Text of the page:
Tales of the City: Can you feel a song coming on?

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The Independent Online

Can you feel a song coming on?

I am slightly alarmed by Mr John Ashcroft, the US Attorney General. Not content with being anointed with oil every time he's sworn in to political office (it's Mazola corn oil, since you ask, and it's rubbed into his head like in the Bible, and no, I am not making this up), not content with draping the naked breasts of the Spirit of Justice statue in his department building (pray God he never meets Tony Blair in his saucy shirt – see right), he's now taken to singing at the end of his speeches.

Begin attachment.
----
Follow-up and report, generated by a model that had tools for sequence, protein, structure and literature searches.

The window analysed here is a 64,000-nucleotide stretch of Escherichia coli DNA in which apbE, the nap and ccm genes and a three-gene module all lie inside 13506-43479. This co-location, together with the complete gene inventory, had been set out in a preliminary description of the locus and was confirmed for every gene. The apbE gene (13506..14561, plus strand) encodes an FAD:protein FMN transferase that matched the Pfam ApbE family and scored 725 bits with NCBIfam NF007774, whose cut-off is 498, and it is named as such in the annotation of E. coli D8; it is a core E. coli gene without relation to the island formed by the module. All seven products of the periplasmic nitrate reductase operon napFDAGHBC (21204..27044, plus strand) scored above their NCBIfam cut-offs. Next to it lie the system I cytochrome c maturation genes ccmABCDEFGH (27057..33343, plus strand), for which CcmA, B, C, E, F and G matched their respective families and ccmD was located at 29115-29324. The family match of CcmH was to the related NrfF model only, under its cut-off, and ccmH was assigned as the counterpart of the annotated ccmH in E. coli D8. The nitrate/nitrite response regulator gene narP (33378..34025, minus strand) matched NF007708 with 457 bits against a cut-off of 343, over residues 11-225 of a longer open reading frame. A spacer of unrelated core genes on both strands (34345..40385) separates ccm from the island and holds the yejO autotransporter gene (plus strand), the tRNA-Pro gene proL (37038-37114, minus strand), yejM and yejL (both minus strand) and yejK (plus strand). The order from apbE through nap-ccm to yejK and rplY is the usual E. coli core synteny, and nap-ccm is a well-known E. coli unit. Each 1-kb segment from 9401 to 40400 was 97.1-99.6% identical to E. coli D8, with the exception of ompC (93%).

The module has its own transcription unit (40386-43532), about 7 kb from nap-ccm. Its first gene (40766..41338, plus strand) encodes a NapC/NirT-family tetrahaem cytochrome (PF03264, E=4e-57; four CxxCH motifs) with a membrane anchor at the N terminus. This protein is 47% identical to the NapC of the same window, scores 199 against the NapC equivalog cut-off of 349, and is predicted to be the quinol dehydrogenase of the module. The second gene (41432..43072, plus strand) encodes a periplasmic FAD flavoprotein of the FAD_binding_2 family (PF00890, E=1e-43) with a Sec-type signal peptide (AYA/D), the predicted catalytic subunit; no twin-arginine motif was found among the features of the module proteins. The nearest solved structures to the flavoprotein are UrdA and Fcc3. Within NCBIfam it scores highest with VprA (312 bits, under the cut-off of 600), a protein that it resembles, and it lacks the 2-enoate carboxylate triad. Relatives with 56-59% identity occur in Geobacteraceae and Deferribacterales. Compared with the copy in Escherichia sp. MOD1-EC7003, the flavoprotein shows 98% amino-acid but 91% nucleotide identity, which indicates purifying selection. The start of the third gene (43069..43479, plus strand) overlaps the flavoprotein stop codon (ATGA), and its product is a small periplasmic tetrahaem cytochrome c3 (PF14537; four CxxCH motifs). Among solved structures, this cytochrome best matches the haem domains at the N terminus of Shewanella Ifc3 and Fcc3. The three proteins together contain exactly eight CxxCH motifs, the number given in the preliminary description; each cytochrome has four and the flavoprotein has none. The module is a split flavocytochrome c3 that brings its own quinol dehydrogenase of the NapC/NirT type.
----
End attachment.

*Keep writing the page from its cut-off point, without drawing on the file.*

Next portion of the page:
Ghastly but true story. In February, he surprised an audience at a high-school seminary in North Carolina by singing, to backing tapes, a self-composed number called "Let the Eagle Soar". The lyrics forcibly recommend listeners to allow the largest and most fearsomely taloned bird in the States to fly without let or hindrance (sound advice, I'd say) "from rocky coast to golden shore" – though, since both locations are by the sea, this doesn't suggest that the bird is actually soaring terribly far, but we mustn't be bothered with details. Mr Ashcroft dished out copies of the song to an audience of Hispanic justice department employees, and suggested it should be translated for maximum all-join-in effect.